On Tuesday morning the Transcatheter Cardiovascular Therapeutics (TCT) 2013 Conference celebrated the “father of angioplasty,” Dr. Andreas Roland Gruentzig, with the Career Achievement Award. Gruentzig, who died in 1985, was honored with a very moving tribute, which included a video, remembrances from his colleagues, and by the presence of his wife and two daughters, who were flown in from Zurich and Berlin by the TCT to receive the award on his behalf. Continue reading
Monthly Archives: October 2013
Let’s Disagree to Agree: the Not-So-Great Coronary Angioplasty Debate and a Patient’s Right to Speak
I read yesterday morning that I was now a party to “The Great Coronary Angioplasty Debate.” (Note to self: don’t look at Twitter before Sunday brunch.)
This all started a week ago, when Dr. Nortin Hadler posted an op-ed piece on The Health Care Blog, titled “The End of the Era of Coronary Angioplasty.” He opined that angioplasty was unnecessary in the setting of a major heart attack (a.k.a. STEMI) and might even worsen outcomes. His title and thesis was so over-the-top (intentionally so, I’m sure) that I felt obliged to pen a response to his very anti-stent article. Continue reading
A criticism from some cardiologists of the transradial approach, in which diagnostic angiography and percutaneous interventions (angioplasty and stents) are performed through the radial artery in the wrist, has been that the radial artery is too small to permit successful navigation of the various sheaths, wires and catheters. Of course, it’s been more than two decades since Dr. Ferdinand Kiemeneij successfully opened a blocked coronary artery via the wrist and today, in many parts of the world, half of all procedures are done this way. Continue reading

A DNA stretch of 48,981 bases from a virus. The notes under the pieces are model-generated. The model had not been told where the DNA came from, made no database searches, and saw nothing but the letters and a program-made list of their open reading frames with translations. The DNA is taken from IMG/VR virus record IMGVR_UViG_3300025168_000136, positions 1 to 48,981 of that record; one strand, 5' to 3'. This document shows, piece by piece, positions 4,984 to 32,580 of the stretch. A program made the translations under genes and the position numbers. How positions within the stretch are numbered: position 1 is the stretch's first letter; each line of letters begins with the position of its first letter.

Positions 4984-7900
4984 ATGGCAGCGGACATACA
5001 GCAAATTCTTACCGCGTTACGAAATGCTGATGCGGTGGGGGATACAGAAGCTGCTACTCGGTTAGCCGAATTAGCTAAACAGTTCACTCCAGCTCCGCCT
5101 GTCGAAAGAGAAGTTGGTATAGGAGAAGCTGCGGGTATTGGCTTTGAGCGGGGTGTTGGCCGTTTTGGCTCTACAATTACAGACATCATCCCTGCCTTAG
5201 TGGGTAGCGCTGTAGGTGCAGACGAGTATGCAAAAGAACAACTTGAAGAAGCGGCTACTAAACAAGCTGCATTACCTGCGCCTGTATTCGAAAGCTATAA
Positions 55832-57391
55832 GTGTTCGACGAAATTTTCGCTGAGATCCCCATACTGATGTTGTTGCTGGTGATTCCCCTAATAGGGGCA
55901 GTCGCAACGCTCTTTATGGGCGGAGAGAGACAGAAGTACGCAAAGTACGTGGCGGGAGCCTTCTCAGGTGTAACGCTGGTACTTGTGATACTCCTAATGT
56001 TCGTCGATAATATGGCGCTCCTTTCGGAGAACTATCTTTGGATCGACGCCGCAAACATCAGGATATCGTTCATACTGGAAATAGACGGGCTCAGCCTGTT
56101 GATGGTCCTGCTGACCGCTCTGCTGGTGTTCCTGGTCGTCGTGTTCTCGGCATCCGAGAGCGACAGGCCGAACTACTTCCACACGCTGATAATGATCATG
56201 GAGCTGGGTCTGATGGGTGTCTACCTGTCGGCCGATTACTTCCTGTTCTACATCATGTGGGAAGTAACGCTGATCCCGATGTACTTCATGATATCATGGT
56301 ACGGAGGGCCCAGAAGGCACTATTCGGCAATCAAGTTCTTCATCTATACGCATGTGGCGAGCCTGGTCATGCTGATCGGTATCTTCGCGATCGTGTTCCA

How does a physician treat a heart attack where the blood flow to the heart muscle is suddenly cut off by a blocked artery? In the most severe cases, the ST segments on the ECG are elevated, signalling that a major part of the heart muscle is at risk. It’s called a STEMI (ST-Elevated Myocardial Infarction). And, if you subscribe to the concept that the heart and circulation are like the plumbing in your house, like Dr. Charles Dotter did (he invented the concept of angioplasty and, in his offbeat humorous way, he used the graphic to the left as his logo), then you would assume there are two major ways to treat the problem: use Drano to dissolve the blockage or use a mechanical roto-rooter to clear it out. Continue reading
I’m in shock. Dr. Nortin Hadler of the University of North Carolina has proclaimed that the era of coronary angioplasty is over.
Poor, poor angioplasty…you were barely 36 years old, but you’re no longer needed. Guess we’re going to have to find a new name for our web site!
Of course, my first thought upon seeing this Op-Ed piece posted today on The Health Care Blog was that it was yet another article railing against the overuse of stents in patients with stable angina. Continue reading
Obviously, with the Federal government in shut down mode, a situation precipitated by the House of Representatives’ demand to delay the implementation of the already-implemented Affordable Care Act (a.k.a. Obamacare), no new device approvals will be forthcoming today, or any other day, until the U.S. Government gets an infusion of start-up capital (puns intended).
Maybe a Kickstarter campaign would be in order here. Continue reading